It makes one wonder...”Will metal studs eventually become cheaper than lumber studs?”
Are Metal Studs the Right Solution to Rising Lumber Prices?
Opinions vary on the advantages of using metal studs in place of wood as a value-engineering solution to the rising cost of lumber. Indeed, no one expected lumber prices - or on steel for that matter - to climb as high as they already have.
While lumber and steel are both primary building materials, switching from a combination of wood and metal framing to all-metal simply to avoid high lumber costs would be a mistake. True, some partisans will tout the benefits of one combination over another, as discussed in our pre-pandemic blog titled "Wood Versus Steel Framing: Is the Cost Savings Worth It?"
However, it is important to note that steel prices are up also. “Pricing and lead times for metal framing have increased for many metal framing products in the first half of 2021,” stated Chuck Haba of Telling Industries, a manufacturer of premium metal framing.
Haba noted that the US domestic steel market took capacity offline in 2020 due to COVID-related shutdowns in the automotive and appliance industries. This was at a time when consumer demand for these products was increasing. Similar lockdowns worldwide affected global supply chains. Then too, labor outages resulted when factories had to quarantine infected employees. “The combination of US Steel Market challenges plus the Worldwide Supply Chain shortages plus the Rolling Labor Outages has caused higher prices and longer lead times,” said Haba.
Contractors Are Finding Ways to Cope with the Price Increases
Contractors are adopting new ways to operate efficiently and reduce waste to combat rising material costs. These include increased use of prefabrication and lean construction techniques and increased reliance on BIM and other field software technology. Contractors are also value-engineering different materials on existing projects to keep those projects on track, such as substituting OSB for plywood. Agreements are covering significant price increases, called force majeure clauses, are increasingly being written into contracts with developers to protect contractors from taking a bath on uncontrollable material cost surges.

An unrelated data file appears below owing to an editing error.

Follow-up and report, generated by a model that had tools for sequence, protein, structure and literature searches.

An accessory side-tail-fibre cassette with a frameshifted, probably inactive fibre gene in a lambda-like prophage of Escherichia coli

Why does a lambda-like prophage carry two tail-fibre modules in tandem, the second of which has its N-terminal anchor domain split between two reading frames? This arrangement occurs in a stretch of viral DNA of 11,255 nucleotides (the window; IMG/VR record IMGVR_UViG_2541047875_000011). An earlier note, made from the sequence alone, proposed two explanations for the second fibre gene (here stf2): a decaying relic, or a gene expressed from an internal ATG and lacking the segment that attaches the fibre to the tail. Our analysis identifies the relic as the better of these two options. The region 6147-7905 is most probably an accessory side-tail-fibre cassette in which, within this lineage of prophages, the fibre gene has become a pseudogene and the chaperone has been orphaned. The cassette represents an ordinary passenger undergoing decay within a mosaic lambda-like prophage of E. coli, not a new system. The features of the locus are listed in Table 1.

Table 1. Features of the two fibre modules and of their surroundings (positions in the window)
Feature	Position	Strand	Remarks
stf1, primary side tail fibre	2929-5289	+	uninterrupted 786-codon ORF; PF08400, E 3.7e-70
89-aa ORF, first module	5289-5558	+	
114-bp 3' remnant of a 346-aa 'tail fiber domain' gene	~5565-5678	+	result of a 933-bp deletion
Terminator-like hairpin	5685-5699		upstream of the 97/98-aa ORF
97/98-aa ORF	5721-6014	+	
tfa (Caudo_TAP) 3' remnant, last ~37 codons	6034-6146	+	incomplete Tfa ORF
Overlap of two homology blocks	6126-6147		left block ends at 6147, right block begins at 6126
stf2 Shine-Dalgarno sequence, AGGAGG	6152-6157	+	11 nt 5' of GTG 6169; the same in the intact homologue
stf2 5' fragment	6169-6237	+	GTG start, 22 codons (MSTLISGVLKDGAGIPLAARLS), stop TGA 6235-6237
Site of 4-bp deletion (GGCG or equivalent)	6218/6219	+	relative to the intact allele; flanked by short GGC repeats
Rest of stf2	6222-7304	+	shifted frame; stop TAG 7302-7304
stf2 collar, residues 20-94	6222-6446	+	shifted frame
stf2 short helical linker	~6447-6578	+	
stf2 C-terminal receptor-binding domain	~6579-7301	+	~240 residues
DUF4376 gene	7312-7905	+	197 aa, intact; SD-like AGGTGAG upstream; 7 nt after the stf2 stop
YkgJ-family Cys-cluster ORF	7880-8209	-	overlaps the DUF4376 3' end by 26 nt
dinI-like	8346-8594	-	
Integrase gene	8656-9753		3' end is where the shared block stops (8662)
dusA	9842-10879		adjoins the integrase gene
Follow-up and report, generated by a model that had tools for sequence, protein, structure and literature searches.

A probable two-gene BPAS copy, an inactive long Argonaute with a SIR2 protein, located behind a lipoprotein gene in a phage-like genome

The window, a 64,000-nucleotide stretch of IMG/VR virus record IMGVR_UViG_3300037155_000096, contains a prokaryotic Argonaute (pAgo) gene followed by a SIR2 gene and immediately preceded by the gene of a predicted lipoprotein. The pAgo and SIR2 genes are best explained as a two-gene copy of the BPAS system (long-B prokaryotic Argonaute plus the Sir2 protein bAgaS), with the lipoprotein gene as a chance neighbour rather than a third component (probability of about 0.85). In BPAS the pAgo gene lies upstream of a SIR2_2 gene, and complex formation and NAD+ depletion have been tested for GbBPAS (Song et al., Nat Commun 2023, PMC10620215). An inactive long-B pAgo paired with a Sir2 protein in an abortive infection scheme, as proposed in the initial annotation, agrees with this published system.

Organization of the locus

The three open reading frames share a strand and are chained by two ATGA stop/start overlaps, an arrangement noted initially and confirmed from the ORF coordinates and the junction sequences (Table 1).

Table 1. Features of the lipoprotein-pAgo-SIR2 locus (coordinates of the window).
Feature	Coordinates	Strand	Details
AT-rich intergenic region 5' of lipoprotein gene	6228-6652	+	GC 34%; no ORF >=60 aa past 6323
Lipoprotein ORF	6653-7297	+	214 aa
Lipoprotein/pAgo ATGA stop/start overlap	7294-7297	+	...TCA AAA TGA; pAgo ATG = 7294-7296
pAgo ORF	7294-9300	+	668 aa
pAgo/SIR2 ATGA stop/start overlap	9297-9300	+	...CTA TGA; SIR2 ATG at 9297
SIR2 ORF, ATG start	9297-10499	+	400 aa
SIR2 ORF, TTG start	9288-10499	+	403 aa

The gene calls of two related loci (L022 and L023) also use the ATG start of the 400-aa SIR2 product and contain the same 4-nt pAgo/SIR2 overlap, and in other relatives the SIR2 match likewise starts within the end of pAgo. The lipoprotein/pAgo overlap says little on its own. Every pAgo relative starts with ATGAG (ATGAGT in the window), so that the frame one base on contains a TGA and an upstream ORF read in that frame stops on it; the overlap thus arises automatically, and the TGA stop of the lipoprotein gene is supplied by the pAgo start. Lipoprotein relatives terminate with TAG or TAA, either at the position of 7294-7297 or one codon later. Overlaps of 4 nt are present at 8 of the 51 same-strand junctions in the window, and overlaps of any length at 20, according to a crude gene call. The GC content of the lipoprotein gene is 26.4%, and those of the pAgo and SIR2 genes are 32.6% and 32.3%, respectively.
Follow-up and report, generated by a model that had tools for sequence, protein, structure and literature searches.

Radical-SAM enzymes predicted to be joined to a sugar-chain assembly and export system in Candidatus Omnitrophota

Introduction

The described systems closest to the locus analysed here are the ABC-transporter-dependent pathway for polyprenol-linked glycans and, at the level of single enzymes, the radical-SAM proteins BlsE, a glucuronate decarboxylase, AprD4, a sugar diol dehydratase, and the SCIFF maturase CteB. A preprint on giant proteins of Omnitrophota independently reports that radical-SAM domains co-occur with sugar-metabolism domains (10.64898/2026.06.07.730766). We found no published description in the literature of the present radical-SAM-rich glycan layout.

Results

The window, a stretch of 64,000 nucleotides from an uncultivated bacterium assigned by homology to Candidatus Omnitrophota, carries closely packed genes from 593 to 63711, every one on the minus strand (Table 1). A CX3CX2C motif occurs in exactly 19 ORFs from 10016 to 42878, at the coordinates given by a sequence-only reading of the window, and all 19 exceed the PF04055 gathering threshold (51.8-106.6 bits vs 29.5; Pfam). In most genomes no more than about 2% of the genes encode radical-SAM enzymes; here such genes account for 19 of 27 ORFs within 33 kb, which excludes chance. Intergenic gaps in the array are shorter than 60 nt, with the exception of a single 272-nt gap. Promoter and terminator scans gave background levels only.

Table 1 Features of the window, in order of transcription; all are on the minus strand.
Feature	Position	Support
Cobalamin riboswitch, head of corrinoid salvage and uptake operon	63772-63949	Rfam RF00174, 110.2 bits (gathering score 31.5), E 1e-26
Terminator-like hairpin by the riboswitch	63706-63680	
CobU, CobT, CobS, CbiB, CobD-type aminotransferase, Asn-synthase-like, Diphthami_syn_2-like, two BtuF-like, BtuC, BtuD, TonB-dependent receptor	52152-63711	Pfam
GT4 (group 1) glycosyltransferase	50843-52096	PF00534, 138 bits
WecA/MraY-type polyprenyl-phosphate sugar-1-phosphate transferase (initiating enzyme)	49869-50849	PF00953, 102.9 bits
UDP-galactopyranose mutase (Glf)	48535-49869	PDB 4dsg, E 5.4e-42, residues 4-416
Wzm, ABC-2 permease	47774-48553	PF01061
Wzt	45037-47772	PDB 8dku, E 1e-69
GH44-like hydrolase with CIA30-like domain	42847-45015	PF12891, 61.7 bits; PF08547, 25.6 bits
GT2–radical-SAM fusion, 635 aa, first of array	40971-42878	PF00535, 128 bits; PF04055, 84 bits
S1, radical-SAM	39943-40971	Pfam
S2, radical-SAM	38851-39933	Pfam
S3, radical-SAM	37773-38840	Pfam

In summary, most experts expect market economics of supply and demand to eventually eliminate supply shortages, resulting in prices leveling off and even dropping in 2022. The higher steel prices have created a more lucrative supply incentive for producers to turn their furnaces back on. Daniel Pomfrett, V.P. of Cumming, a cost consulting firm to the construction industry, is projecting steel prices to begin decreasing again and be near pre-pandemic levels by the end of 2021, even as demand increases.
It is logical to expect the same market forces to play out on lumber prices. Once supply and demand equalize, residential building slows, and the lumber supply chain catches up, prices should stabilize, and perhaps contractors will once again sleep soundly.